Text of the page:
• Leadership roles are a great way to develop skills attractive to employers, such as: communication, teamwork, organization, professionalism, dependability, passion, and creativity.
  • For more information on leadership development and opportunities on campus, check out Western's Leadership Advantage program.


Join and attend student professional organizations

  • Joining a professional organization as a student has great benefits, such as: cutting-edge information about your field of interest, networking opportunities, access to conferences and publications, and—best of all—you may have access to research opportunities and career posting! (Not to mention, it looks great on a resume!)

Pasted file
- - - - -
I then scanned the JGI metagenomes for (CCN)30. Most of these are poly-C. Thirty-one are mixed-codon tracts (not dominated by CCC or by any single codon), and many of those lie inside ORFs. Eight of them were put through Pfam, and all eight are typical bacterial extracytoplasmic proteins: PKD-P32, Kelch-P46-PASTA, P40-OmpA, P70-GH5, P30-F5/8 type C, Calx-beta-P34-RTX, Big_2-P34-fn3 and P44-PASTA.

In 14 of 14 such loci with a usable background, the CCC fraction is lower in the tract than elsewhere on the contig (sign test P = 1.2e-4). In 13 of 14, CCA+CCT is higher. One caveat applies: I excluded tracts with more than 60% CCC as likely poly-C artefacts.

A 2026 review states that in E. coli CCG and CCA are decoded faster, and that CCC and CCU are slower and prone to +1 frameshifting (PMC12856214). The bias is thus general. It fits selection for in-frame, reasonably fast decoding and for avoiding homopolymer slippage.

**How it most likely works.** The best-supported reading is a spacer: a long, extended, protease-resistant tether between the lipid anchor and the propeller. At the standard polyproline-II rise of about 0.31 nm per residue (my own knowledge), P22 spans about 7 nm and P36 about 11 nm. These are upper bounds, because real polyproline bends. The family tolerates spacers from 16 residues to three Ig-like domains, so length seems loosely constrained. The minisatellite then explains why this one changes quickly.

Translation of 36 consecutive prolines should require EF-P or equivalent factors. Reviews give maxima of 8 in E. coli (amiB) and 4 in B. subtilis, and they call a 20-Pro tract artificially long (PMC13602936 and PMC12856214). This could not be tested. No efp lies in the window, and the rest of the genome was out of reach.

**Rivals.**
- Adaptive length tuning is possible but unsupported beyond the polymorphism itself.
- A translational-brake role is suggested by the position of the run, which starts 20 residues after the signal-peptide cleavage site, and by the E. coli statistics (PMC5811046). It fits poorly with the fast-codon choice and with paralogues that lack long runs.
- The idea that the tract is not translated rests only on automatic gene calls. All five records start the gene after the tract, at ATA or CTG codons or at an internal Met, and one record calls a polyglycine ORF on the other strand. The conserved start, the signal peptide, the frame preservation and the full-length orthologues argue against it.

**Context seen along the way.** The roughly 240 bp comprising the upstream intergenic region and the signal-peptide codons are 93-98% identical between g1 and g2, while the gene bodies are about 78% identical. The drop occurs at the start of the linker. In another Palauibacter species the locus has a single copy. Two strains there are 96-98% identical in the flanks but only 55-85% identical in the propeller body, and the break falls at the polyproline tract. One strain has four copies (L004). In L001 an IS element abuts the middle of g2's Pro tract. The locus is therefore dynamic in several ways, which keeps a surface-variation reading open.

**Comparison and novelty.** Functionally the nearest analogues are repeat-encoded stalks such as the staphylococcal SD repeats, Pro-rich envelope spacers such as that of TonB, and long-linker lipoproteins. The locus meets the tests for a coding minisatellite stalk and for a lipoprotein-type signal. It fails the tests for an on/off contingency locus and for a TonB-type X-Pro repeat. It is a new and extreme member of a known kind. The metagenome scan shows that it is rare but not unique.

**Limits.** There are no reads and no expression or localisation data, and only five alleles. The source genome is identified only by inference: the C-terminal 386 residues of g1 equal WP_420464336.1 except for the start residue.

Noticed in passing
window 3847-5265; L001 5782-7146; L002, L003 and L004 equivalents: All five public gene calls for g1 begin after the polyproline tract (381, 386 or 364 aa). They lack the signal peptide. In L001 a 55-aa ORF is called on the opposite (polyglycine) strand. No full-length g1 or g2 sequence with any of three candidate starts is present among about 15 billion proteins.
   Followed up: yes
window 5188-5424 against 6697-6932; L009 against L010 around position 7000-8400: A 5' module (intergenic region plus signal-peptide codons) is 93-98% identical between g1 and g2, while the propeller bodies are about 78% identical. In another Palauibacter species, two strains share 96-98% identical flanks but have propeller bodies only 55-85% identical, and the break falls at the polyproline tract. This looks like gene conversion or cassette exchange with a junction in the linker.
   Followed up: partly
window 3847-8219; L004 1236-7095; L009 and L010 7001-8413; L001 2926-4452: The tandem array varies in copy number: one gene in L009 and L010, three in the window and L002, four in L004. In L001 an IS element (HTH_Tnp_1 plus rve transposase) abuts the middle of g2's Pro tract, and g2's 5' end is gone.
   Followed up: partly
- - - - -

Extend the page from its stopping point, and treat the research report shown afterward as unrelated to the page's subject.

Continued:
• Find professional organizations related to your major or field interest by selecting the 'links' option on Career Services Center's "What can I do with a major in…?" web page.


Seek out a relevant internship to match career interests

  • There is no better way to develop employable skills, expand your resume, and network with potential employers than to complete an internship related to your career interests.
  • Internships provide great opportunities to discover what you might want from a future career.
  • To research internships, search the Career Services Center's Internship listings, attend any quarterly career fair, check with your major department for postings, meet with a career counselor, and check postings through professional organizations. Alternatively, create your own internship!


Connect with the Career Services Center for help with resume writing and interview skills